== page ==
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Am J Physiol Regul Integr Comp Physiol. 2002 Jun;282(6):R1618-27.

PGE(2) increases release of substance P from renal sensory nerves by activating the cAMP-PKA transduction cascade.

Author information

1
Department of Internal Medicine, Department of Veterans Affairs Medical Center, Iowa City 52246, USA. ukopp@blue.weeg.uiowa.edu

Abstract

Increasing renal pelvic pressure increases afferent renal nerve activity (ARNA) by a PGE(2)-mediated release of substance P (SP) from renal pelvic nerves. The role of cAMP activation in the PGE(2)-mediated release of SP was studied by examining the effects of the adenylyl cyclase (AC) activator forskolin and AC inhibitor dideoxyadenosine (DDA). Forskolin enhanced the bradykinin-mediated release of SP from an isolated rat renal pelvic wall preparation, from 7.3 +/- 1.3 to 15.6 +/- 3.0 pg/min. PGE(2) at a subthreshold concentration for SP release mimicked the effects of forskolin. The EP(2) receptor agonist butaprost, 15 microM, and PGE(2), 0.14 microM, produced similar increases in SP release, from 5.8 +/- 0.8 to 17.0 +/- 2.3 pg/min and from 8.0 +/- 1.3 to 21.6 +/- 2.7 pg/min. DDA blocked the SP release produced by butaprost and PGE(2). The PGE(2)-induced release of SP was also blocked by the PKA inhibitors PKI(14-22) and H-89. Studies in anesthetized rats showed that renal pelvic administration of butaprost, 10 microM, and PGE(2), 0.14 microM, resulted in similar ARNA responses, 1,520 +/- 390 and 1,170 +/- 270%. s (area under the curve of ARNA vs. time) that were blocked by DDA. Likewise, the ARNA response to increased renal pelvic pressure, 7,180 +/- 710%. s, was blocked by DDA. In conclusion, PGE(2) activates the cAMP-PKA pathway leading to a release of SP and activation of renal pelvic mechanosensory nerve fibers.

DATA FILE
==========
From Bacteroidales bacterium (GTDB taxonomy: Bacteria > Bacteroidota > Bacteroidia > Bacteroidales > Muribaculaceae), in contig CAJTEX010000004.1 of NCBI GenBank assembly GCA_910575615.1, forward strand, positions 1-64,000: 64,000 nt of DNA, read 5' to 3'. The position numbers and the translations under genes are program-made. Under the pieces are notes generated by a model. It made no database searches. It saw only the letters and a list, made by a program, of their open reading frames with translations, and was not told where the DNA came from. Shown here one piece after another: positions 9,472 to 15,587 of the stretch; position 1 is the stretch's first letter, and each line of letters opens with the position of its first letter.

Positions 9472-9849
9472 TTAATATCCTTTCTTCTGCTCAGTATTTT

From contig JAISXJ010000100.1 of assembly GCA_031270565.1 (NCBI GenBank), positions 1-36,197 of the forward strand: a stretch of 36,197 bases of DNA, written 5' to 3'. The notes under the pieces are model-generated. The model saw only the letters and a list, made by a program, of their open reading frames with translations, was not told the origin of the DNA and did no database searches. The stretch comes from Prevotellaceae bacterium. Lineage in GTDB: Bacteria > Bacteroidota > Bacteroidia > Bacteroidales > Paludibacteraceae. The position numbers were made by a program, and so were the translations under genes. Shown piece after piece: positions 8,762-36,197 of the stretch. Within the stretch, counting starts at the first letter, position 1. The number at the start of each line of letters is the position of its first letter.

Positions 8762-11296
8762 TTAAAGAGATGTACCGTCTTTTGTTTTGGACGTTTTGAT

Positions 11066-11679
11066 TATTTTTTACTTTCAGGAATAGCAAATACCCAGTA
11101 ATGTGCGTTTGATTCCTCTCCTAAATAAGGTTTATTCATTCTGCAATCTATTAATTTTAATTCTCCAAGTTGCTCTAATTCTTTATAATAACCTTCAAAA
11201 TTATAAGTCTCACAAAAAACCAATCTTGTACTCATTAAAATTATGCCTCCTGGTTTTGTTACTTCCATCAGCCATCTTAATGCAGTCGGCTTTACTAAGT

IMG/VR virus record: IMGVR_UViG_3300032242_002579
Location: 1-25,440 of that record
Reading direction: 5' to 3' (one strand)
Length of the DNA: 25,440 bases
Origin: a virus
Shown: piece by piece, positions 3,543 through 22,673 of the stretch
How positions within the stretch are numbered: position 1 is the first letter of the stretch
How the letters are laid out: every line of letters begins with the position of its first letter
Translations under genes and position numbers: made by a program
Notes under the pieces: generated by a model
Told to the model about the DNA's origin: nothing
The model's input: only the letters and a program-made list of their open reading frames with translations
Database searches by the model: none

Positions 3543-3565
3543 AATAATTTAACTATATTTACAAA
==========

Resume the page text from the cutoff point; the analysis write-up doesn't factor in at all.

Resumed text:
PMID:
12010743
DOI:
10.1152/ajpregu.00701.2001
[Indexed for MEDLINE]
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